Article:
Otherwise, by all accounts, and my own playing with my wife’s new iPad Air, the new iPads are so good that they’ll almost certainly belong on that amazing-devices list. It’s just a little early to say.

  1. Its A5X had more GPU power to drive the increased pixel area, but it had the same CPU cores as the iPad 2’s A5. So, while most purely-GPU operations performed decently, any CPU-bound operations on pixel data could perform much worse, as they were processing data for four times as many pixels with the same CPU power.

    For developers, the iPad 3 remains one of the hardest iOS devices — possibly the hardest — to support for games and custom animations. ↩︎

  2. Well, it’s a very good time to be a fan of iOS devices and laptops, at least. The desktop world is still uncomfortably waiting to go Retina. ↩︎

Image Retention on Retina iPad Mini

Last week, a rumor came out that many Retina iPad Mini LCD panels manufactured by Sharp were suffering from image retention.

This problem was also present in many first-generation 15” Retina MacBook Pros, including mine, which I discovered by making a test page that first shows a large black-and-white checkerboard pattern for a few minutes, like this:

Then it switches to a solid gray:

If the LCD panel has an image retention issue, a faint impression of the checkerboard will still be visible on the solid gray image, usually fading over the next few minutes.

Well, I picked up my Retina iPad Mini tonight, and it failed:

A failed image-retention test on my Retina iPad Mini: note the faint checkerboard pattern in the solid gray area. It’s pretty hard to see in photos — it’s easier to see in person.

It’s not the sort of problem that I’m likely to notice in actual use — I’ve never noticed it on my Retina MacBook Pro, and it has worse image retention than this iPad on my test page.

Since Apple’s using multiple panel manufacturers, I could exchange it and hope for a better one. But it’s also possible that, given the extremely low volume that’s trickling into stores, any replacement I get in the next couple of weeks could be from the same batch with the same issue.

I had some friends run the same test on their new Retina iPad Minis, and they all passed — no image retention. So I’ll try an exchange.

(For whatever it’s worth, I also ran it on my wife’s new iPad Air and my iPhone 5S. Both passed with zero retention.)

Turbo Boost and the New Mac Pro’s CPUs

With the new Mac Pro’s release imminent, it’s important for prospective buyers to understand the odd-looking CPU options:

ModelCoresSpeedL3 CacheTDPLikely costTurbo Boost
E5-1620 v243.7 GHz10 MB130 W+$0(0/0/0/2)
E5-1650 v263.5 GHz12 MB130 W+$500(1/1/2/2/2/4)
E5-1680 v283.0 GHz25 MB130 W+$1500(4/4/4/4/5/7/8/9)
E5-2697 v2122.7 GHz30 MB130 W+$2500(3/3/3/3/3/3/3/4/5/6/7/8)

It looks like you’re paying a lot for slower clock speeds as the cores increase, but that’s not the entire story. Those weird Turbo Boost numbers, which are easy to pull from here and here, are worth understanding before choosing a modern Intel processor.

They indicate the number of extra 100 MHz increments by which the CPU may ramp up its speed with a given number of cores in an active, high-power state. The sequence begins with all cores active, then counts down to just one core active. For instance, the 6-core’s increments are “(1/1/2/2/2/4)”, which means:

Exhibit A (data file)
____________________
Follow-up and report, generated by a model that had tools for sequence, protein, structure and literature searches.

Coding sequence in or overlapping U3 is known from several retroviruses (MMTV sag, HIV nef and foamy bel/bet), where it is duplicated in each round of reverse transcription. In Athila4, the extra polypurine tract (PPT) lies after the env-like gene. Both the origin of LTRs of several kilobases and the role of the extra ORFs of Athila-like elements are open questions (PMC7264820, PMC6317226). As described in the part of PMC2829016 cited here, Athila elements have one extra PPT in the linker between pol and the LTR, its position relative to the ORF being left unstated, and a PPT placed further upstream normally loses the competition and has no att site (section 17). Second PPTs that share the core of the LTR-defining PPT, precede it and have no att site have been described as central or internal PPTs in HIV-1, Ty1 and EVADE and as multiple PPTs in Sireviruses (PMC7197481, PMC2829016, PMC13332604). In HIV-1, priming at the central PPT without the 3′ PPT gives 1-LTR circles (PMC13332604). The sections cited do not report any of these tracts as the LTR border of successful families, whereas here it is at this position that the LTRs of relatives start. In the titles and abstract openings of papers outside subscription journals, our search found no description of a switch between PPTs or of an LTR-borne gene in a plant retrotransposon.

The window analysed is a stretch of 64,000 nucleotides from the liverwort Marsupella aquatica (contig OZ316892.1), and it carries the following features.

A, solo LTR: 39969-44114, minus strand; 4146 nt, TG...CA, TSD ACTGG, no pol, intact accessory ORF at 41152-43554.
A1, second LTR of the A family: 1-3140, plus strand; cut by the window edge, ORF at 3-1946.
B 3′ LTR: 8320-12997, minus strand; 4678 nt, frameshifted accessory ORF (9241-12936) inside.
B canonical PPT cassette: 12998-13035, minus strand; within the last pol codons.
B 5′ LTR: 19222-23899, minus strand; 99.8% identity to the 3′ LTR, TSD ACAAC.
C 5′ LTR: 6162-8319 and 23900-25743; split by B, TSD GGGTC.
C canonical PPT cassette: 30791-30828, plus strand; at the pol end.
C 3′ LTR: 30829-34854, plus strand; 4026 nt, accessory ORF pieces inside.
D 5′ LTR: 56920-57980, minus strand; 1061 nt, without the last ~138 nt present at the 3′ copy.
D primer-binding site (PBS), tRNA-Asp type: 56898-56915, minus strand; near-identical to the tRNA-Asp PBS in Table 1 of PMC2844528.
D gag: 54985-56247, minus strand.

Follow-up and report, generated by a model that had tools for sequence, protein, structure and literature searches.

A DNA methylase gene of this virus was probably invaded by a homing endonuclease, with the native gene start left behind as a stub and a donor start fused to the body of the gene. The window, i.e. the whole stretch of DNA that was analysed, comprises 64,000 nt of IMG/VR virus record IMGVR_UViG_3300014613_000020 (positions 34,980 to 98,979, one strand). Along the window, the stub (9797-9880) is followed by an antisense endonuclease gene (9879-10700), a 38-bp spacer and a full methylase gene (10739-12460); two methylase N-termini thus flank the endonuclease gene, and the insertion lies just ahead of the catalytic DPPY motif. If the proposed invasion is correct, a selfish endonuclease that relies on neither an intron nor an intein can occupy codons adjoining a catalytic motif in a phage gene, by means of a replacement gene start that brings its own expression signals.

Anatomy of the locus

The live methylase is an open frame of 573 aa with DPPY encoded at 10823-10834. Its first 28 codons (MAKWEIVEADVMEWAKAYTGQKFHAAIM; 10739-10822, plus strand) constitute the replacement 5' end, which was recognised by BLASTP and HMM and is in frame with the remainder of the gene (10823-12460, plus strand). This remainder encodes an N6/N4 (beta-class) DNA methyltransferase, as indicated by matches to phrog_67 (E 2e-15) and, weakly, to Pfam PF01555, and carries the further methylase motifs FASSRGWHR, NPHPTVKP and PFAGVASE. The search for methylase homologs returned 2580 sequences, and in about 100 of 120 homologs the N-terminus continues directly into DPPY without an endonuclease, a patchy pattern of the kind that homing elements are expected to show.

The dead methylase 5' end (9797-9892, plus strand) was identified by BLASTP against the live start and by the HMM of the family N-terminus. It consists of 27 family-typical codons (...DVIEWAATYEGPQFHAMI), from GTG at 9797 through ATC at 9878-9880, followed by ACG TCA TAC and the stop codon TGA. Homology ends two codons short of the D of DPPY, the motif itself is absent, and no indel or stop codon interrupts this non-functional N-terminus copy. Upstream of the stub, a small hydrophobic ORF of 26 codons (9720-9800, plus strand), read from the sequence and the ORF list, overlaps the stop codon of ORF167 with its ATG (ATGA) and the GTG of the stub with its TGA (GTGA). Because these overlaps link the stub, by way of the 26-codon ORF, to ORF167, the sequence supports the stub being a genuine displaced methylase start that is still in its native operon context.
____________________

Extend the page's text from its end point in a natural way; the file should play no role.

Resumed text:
This is probably a more helpful way to compare:

Active Cores
Maximum Turbo GHz Per Core

(The two red entries — the 6-core E5-1660 v2 and 8-core E5-2667 v2 — are not available in the new Mac Pro, but I wish they were. Faster, the same TDP, and the same or larger cache, for a few hundred bucks more.)

This is why the AAPLJ90,1 Geekbench results make sense: the single-threaded performance on all but the 12-core is effectively identical, and the 6- and 8-core’s multithreaded results scale almost perfectly linearly with their respective core count despite an advertised 500 MHz base clock difference.

You can also see why I don’t recommend the 12-core model to anyone except those whose software will definitely make very good use of all of its cores, at least most of the time — because for any other conditions, it’ll be slower than the others.

Turbo Boost is also why the iMac and 15” MacBook Pro are matching the new Mac Pro already in single-threaded benchmarks, why the 15” MacBook Pro is so much faster than the 13”, and why the Air can keep up despite a much lower base clock speed:

Active Cores
13” MacBook Air 15 W4 MB
13” RMBP 28 W4 MB
15” RMBP W6 MB
27” iMac W8 MB
Mac Pro 4-core W10 MB
Maximum Turbo GHz Per Core

So why buy a Mac Pro for CPU performance at all?

The increased L3 cache helps certain workloads, but the biggest difference is the TDP, which specifies the maximum sustained heat output of each CPU.

Turbo Boost can only sustain its higher speeds as long as it’s being adequately cooled and is under its TDP limit. This is why the clocks decrease as the core count increases: since all of the Mac Pro’s CPUs have the same TDP, Intel can’t just offer a 12-core that can sustain 3.9 GHz.

While the MacBook Air can match the 13” MacBook Pro’s clock briefly, it won’t hold it for as long because it can’t afford the heat. Those giant 130 W TDPs in the Mac Pro can accommodate much more than the laptops and iMac under a sustained heavy workload — especially if the CPU is being stressed but the GPUs aren’t, due to the shared-giant-heatsink design. (And if the GPUs are being stressed, the Mac Pro should be justifying itself quite well already.)

But there’s little reason to get the higher-end Mac Pro CPUs unless you know you’ll use all of the cores. And if you won’t be sustaining heavy parallel loads and you won’t take advantage of heavy GPU power, there’s a lot less reason to get the Mac Pro at all.